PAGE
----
The Unbearable Lightness of Being  

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Train wreck at Montparnasse (October 22, 1895) by Studio Lévy and Sons.
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Train wreck at Montparnasse (October 22, 1895) by Studio Lévy and Sons.

The Unbearable Lightness of Being (Czech language: Nesnesitelná lehkost bytí) is a novel written by Milan Kundera in 1982 and first published in 1984 in France. Set in 1968 Prague, the novel details the circumstances of life for artists and intellectuals in Czechoslovakia in the wake of the Prague Spring and the subsequent invasion by the USSR. The story's main character is Tomas, a well-known, successful surgeon, who criticizes the Czech Communists and as a result loses his position. Other important characters (who, together with Tomas, make up the group known as Kundera's Quartet) include his wife Tereza (a photographer), his lover Sabina (a painter), and Sabina's lover Franz (a university professor).

Philosophical underpinnings

Challenging Friedrich Nietzsche’s concept of eternal recurrence (the idea that the universe and its events have already occurred and will recur ad infinitum), the story’s thematic meditations posit the alternative; that each person has only one life to live, and that which occurs in life occurs only once and never again — thus the “lightness” of being. In contrast, the concept of eternal recurrence imposes a “heaviness” on our lives and on the decisions we make (to borrow from Nietzsche's metaphor, it gives them "weight".) Nietzsche believed this heaviness could be either a tremendous burden or great benefit depending on the individual's perspective.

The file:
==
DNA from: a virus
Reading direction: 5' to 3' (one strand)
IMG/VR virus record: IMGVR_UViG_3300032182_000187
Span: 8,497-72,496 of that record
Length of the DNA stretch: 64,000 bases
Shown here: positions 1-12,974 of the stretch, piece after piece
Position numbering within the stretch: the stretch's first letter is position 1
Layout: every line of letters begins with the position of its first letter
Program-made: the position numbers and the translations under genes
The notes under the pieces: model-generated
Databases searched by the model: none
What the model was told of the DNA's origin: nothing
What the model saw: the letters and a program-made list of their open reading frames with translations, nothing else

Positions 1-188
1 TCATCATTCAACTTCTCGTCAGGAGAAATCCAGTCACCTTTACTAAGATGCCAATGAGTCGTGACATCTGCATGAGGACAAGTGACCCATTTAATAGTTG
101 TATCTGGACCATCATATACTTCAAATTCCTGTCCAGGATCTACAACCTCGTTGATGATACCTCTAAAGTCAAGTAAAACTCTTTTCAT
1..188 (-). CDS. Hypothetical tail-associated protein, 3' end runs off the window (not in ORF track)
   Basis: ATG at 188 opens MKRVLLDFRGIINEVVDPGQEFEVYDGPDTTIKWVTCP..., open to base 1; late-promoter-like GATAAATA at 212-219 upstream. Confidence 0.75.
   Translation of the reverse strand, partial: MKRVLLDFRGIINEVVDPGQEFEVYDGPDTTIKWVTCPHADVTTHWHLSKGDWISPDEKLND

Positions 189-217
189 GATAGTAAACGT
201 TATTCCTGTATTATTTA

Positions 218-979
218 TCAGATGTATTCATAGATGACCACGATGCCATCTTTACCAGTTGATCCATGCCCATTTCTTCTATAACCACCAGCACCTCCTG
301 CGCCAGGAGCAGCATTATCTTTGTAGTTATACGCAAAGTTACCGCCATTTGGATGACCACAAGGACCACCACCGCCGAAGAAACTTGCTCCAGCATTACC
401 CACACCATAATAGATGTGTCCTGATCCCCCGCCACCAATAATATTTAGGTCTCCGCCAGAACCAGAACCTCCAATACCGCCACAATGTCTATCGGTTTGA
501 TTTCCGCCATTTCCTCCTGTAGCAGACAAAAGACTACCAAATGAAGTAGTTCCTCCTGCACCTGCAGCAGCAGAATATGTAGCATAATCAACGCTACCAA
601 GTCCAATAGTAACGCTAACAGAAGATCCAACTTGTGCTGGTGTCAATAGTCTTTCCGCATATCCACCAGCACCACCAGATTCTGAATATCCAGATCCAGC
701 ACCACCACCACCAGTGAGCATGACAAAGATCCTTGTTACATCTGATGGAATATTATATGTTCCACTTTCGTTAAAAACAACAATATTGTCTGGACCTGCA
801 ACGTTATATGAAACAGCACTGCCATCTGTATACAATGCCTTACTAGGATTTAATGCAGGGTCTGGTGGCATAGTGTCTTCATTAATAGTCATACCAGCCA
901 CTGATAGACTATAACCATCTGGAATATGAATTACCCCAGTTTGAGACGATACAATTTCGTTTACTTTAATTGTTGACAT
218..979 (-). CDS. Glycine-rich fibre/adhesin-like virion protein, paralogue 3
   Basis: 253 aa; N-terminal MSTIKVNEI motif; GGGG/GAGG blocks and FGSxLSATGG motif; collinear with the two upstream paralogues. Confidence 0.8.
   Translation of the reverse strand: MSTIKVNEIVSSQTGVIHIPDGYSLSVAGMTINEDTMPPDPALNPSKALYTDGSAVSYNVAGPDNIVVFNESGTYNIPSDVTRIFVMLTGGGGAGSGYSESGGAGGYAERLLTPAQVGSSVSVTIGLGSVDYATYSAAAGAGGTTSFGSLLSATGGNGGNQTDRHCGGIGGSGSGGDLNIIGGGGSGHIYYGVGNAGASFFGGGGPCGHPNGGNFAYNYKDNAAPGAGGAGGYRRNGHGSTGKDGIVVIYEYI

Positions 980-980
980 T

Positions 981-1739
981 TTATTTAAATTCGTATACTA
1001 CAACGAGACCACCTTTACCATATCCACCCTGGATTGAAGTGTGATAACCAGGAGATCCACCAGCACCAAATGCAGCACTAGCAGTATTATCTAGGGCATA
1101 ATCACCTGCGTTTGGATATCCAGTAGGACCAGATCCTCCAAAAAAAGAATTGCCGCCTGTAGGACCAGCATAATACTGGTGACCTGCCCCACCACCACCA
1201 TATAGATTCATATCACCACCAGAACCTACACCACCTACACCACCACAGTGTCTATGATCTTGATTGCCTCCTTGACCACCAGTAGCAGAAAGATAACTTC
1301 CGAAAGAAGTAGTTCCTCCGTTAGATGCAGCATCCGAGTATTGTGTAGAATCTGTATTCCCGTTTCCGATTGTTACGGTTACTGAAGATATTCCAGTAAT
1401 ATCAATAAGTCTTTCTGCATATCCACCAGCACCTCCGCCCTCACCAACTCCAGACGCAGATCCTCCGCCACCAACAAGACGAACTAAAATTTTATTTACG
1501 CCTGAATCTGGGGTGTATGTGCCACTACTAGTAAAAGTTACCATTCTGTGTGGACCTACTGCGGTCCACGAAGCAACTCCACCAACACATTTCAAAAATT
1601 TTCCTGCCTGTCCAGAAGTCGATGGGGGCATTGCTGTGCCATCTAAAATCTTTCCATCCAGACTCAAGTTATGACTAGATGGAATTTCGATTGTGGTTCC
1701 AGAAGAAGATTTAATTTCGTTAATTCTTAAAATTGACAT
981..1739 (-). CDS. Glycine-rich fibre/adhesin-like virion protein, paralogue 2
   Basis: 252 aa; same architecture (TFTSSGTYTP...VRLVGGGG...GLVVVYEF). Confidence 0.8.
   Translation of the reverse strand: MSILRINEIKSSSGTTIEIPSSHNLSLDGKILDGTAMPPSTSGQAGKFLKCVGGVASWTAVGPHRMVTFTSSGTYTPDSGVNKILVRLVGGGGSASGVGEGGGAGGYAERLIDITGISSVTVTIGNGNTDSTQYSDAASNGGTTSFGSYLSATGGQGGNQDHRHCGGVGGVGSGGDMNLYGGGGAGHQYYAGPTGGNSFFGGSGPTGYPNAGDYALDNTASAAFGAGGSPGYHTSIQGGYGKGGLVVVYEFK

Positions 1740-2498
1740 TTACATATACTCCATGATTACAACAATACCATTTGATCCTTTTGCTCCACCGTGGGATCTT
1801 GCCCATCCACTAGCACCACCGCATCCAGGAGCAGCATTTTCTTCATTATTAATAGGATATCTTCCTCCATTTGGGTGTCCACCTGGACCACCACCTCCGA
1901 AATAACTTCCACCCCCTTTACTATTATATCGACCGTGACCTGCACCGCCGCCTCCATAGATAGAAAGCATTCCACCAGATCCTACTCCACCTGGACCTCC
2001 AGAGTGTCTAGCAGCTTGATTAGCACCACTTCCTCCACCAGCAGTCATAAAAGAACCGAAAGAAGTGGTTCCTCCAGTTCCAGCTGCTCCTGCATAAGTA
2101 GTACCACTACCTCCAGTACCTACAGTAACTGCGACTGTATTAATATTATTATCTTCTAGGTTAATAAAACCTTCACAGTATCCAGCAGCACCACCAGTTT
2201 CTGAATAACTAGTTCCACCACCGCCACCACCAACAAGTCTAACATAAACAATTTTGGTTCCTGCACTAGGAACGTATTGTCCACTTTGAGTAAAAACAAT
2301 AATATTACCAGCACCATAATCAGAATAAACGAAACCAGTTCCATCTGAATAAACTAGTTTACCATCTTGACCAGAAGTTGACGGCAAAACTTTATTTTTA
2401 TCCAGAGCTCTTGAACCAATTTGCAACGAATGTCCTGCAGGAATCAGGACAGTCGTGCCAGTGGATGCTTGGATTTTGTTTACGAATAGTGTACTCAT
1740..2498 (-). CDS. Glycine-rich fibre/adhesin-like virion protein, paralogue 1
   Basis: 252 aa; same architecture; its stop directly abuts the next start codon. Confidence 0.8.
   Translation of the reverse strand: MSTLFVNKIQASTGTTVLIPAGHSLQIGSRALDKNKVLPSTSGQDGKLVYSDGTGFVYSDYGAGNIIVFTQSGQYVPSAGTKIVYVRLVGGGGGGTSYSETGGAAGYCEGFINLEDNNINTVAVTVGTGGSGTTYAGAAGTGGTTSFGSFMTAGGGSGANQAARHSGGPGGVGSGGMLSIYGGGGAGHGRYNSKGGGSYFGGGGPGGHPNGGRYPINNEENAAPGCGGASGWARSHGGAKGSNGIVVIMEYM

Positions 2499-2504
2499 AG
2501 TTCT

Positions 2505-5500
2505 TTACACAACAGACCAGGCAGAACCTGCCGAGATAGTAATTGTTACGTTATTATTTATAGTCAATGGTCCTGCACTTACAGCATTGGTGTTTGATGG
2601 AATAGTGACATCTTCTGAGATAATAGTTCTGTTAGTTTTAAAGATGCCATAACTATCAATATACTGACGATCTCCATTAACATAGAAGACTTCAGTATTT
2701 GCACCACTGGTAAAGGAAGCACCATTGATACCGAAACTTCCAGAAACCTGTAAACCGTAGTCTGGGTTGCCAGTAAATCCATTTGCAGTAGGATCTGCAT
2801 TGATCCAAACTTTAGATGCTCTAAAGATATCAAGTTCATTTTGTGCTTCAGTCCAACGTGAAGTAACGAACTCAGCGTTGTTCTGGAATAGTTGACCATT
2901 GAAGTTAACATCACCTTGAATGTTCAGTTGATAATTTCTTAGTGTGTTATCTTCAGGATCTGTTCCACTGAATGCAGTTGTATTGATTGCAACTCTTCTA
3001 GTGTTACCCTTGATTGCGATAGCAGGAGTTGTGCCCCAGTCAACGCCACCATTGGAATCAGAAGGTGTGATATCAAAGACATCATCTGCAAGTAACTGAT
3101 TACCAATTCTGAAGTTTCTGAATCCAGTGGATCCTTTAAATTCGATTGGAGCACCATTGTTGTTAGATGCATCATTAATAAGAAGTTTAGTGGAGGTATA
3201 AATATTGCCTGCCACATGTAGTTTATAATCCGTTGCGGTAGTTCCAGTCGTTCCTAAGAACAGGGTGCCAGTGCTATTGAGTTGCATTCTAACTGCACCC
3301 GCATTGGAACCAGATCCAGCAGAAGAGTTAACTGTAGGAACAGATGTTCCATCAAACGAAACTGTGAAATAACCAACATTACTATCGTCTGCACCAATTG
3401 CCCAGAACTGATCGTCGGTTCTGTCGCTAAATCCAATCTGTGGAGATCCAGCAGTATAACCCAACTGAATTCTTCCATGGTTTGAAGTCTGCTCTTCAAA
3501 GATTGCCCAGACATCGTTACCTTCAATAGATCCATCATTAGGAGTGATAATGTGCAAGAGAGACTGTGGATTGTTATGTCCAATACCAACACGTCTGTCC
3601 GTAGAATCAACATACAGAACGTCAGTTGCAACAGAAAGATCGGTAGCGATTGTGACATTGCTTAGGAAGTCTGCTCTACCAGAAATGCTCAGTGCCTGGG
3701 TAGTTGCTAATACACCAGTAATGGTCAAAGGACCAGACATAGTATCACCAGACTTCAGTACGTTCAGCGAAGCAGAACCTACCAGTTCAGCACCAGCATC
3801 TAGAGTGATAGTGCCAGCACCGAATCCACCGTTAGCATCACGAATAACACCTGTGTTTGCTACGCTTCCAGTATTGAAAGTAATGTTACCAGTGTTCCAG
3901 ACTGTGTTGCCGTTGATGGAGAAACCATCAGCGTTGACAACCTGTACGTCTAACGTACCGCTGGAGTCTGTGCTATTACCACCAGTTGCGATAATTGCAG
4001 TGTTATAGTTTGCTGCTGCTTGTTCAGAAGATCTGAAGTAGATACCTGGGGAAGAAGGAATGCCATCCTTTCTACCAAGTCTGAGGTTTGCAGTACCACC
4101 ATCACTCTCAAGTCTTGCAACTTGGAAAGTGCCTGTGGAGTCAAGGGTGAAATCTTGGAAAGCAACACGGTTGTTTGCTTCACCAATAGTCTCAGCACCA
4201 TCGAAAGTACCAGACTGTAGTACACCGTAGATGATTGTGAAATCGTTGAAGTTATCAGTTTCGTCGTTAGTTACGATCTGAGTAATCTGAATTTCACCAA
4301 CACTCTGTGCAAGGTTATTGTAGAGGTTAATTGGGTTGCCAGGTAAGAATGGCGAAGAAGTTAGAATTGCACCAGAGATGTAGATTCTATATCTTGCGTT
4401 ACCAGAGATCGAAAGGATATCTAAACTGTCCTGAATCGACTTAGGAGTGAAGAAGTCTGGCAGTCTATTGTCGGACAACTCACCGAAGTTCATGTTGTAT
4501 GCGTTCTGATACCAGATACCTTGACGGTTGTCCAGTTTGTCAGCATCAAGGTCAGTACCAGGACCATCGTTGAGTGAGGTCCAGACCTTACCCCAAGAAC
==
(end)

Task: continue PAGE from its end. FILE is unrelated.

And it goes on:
The "unbearable lightness" in the title also refers to the lightness of love and sex, which are themes of the novel. Kundera portrays love as fleeting, haphazard and perhaps based on endless strings of coincidences, despite holding such significance for humans.

Film

The Unbearable Lightness of Being (film)

In 1988, an American-made film adaptation of the novel was released starring Daniel Day-Lewis, Lena Olin, and Juliette Binoche. In a note to the Czech edition of the book, Kundera remarks that the movie had very little to do with the spirit either of the novel or the characters in it. In the same note Kundera goes on to say that after this experience he no longer allows any adaptations of his work.

See also




Unless indicated otherwise, the text in this article is either based on Wikipedia article "The Unbearable Lightness of Being" or another language Wikipedia page thereof used under the terms of the GNU Free Documentation License; or on original research by Jahsonic and friends. See Art and Popular Culture's copyright notice.

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